Higher amounts of the essential fatty acids like those in raw almonds, avocados, and pumpkin and sesame seeds naturally supports basal dopamine levels. Foods rich in the essential amino acid tyrosine—like bananas and some types of beans—can help. There’s also supplemental tyrosine available in capsule form. Tyrosine exerts its benefit by providing the precursor molecule that is converted into the molecule “L-3,4-dihydroxy- phenylalanine” (also known as L-DOPA). In turn, L-DOPA is the precursor molecule that can be converted in the central nervous system into dopamine.(11) Dopamine cannot pass through the blood-brain barrier. Only a smaller precursor molecule can make it through. The seeds of the herb Mucuna pruriens (also known as velvet bean) were the first earthly substance in which the precursor molecule L-DOPA was detected and isolated as early as 1937.(12) In fact some more modern studies even suggest a superiority of the herb over the synthetic “levodopa” equivalents.(13) There are several other naturally occurring substances purported to have dopamine-promoting value including but in no way limited to substances like caffeine, phenylalanine, vinpocetine, and theobromine, along with a host of necessary vitamin and elemental cofactors.
In the world of pharmacological therapeutics, there are several approaches in our arsenal. Although amphetamines and some antidepressants have been shown to be dopaminergic, the most common approach is the use of levodopa, the synthetic version of L-DOPA.(14) But in my medical practice, as with any doctor who knows what they are doing, levodopa is almost never given as a mono-therapy because when it is taken orally, it doesn’t just stream across the blood-brain barrier and into the brain to be converted to dopamine. Rather, it tends to be rapidly broken down in the periphery. As a result, early prescribers had to give massive doses of the drug just to boost dopamine concentrations to adequate levels. Now levodopa is prescribed to patients along with another synergistic drug known as “carbidopa.” Carbidopa is added to prevent the breakdown of levodopa before it crosses over into the brain. This critical addition of carbidopa allows for lesser dosing of levodopa, resulting in a much lower risk of drug desensitization as well as side effects.(15)
Of course there are also the so-called “dopamine reuptake inhibitors” (also known as DRIs). This is a classification of drug that blocks the synaptic reuptake of dopamine in the same way the SSRIs block the reuptake of serotonin.(16) The result is a more sustained dopaminergic signal. DRIs are frequently used in the patients I see simply because of the relatively widespread prevalence of depression, mood disorders, and ADHD. But the less known off-label value of these drugs centers on a psychostimulant effect that results in appetite suppression. For this reason, many so-called “medical weight-loss centers” utilize DRIs. Although weight-loss success is undeniable, the problem with this pharmaceutical approach is the heavy propensity for abuse. Another way to understand the inherent dangers of DRIs used off-label is to simply recognize that popular street drugs like cocaine and methylphenidate are technically DRIs.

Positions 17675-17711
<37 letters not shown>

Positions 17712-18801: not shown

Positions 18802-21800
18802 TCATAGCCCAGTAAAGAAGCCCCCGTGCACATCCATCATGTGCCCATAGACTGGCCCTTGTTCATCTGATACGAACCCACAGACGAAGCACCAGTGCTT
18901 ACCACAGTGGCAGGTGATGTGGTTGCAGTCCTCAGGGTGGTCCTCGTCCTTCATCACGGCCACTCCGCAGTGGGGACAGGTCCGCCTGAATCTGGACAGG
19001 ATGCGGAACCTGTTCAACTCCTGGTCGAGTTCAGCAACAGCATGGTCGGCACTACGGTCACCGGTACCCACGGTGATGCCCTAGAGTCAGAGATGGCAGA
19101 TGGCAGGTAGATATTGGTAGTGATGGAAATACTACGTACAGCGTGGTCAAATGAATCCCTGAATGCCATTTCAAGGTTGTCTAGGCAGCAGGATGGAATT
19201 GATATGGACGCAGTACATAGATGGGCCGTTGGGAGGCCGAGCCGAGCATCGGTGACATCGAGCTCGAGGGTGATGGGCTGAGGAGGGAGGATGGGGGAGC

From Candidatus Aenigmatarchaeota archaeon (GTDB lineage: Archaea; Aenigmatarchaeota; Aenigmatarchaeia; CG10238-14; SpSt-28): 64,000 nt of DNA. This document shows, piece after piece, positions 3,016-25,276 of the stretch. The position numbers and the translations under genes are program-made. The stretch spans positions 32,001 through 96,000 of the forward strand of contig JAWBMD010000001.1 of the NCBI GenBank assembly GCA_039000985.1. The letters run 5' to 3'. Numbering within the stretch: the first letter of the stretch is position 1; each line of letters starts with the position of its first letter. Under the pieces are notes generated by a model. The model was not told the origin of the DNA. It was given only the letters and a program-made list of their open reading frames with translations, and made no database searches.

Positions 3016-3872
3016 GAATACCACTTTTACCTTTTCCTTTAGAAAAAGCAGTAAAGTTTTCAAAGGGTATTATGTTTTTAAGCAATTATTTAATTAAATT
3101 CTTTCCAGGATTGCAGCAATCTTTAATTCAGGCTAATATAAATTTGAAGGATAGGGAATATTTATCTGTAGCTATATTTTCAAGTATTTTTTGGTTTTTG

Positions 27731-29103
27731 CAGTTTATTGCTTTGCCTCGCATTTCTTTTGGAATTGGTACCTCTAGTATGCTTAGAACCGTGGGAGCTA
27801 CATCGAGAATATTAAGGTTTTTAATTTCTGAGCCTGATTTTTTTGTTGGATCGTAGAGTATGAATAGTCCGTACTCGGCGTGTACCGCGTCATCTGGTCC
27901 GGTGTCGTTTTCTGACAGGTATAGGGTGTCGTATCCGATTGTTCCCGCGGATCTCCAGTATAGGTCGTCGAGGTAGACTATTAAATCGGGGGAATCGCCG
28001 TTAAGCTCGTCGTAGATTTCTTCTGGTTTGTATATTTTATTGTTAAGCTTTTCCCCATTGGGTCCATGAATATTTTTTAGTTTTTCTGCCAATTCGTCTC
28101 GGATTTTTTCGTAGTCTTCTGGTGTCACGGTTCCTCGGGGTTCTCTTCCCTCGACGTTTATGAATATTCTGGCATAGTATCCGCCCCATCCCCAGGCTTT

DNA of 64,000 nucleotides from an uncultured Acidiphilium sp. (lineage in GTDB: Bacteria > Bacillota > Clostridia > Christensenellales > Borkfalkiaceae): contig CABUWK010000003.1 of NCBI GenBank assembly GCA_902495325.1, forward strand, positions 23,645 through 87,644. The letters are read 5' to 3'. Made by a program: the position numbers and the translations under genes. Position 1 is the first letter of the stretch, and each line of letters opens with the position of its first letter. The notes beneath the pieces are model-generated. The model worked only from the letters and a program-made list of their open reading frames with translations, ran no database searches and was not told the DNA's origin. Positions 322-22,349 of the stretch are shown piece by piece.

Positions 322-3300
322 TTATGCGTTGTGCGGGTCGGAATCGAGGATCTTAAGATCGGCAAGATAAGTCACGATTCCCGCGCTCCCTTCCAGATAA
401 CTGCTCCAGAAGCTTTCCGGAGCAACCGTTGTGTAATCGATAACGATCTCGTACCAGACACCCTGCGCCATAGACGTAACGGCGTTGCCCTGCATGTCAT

That said, the lure on the street of excessively ramping-up one’s dopamine levels has opened up a wellspring of abuse. In fact, a substance as seemingly innocuous as cold medicine can provide the dopaminergic euphoria junkies crave. Pseudoephedrine, commonly found in many over-the-counter nasal decongestants, releases more dopamine than nearly every common synthetic releasing agent, and nearly four-fold that of ephedrine.(17) Perhaps the current most wide-spread party drug MDMA (also known as ecstasy) functions on the basis of flooding the receptors with a massive release of dopamine with the frightful long-term effects of a proverbial brain frying.(18)
The take-home message is be cognizant not only of how neurohormonal modulation effects muscle growth, but also how to support levels of serotonin and dopamine so you can make extreme improvement.
REFERENCES: 1. G.W. Lambert et. al., Lancet, 2002, 360:1840–2; 2. A. Ichiyama et. a1, J Biol Chem., 1970, 245(7):1699–1709; 3. M. Voracek and U.S. Tran, J Affect Disord., 2007; 98:259–62; 4. V.A. Shevtsov et al., Phytomed., 2003, 10 (2–3):95–105; 5. V. Darbinyan et al., 2000, Phytomed., 2000, 7(5):365–71; 6. C. Randløv et. al., Phytomed., 2006, 13(4):215–21; 7. S.W. Kim et. al., Mol Pharmacol. 2002 Apr; 61(4):778–85; 8. I.P. Stolerman, editor, Encyclopedia of Psychopharmacology, Vol. 2., Springer Publishing, 2010; 9. W.F. Mathes et. al., Behav. Brain Res., 210(2010), 155–163; 10. C. Davis et. al., Prog Neuropsychopharmacol Biol Psych., 2008;32:620–8; 11. D. Merims and N. Giladi, Parkinsonism Relat Disord., 14(4):(2008), 273–280; 12. M. Damodaran and R. Ramaswamy, Biochem J., 1937;31:2149–451; 13. B.V. Manyan, et. al., Phytother Res., 2004 Sept; 18(9):706–12; 14. Dopamine Vs. Serotonin, eHow.com; 15. medicinenet.com /levodopa-carbidopa/article.htm; 16. S.M. Stahl et. al., Prim Care Companion, J Clin Psychiatry, 2004; 6(4):159–66; 17. L. L. Brunton, ed. (2006). Goodman & Gilman’s The Pharmacological Basis of Therapeutics (11th ed.) N.Y.; McGraw-Hill Medical Publishing Division; 18. M.I. Colado et al., J Psychopharm; 2004 May; 173(3–4):249–63 (E-pub 2004 Apr 9).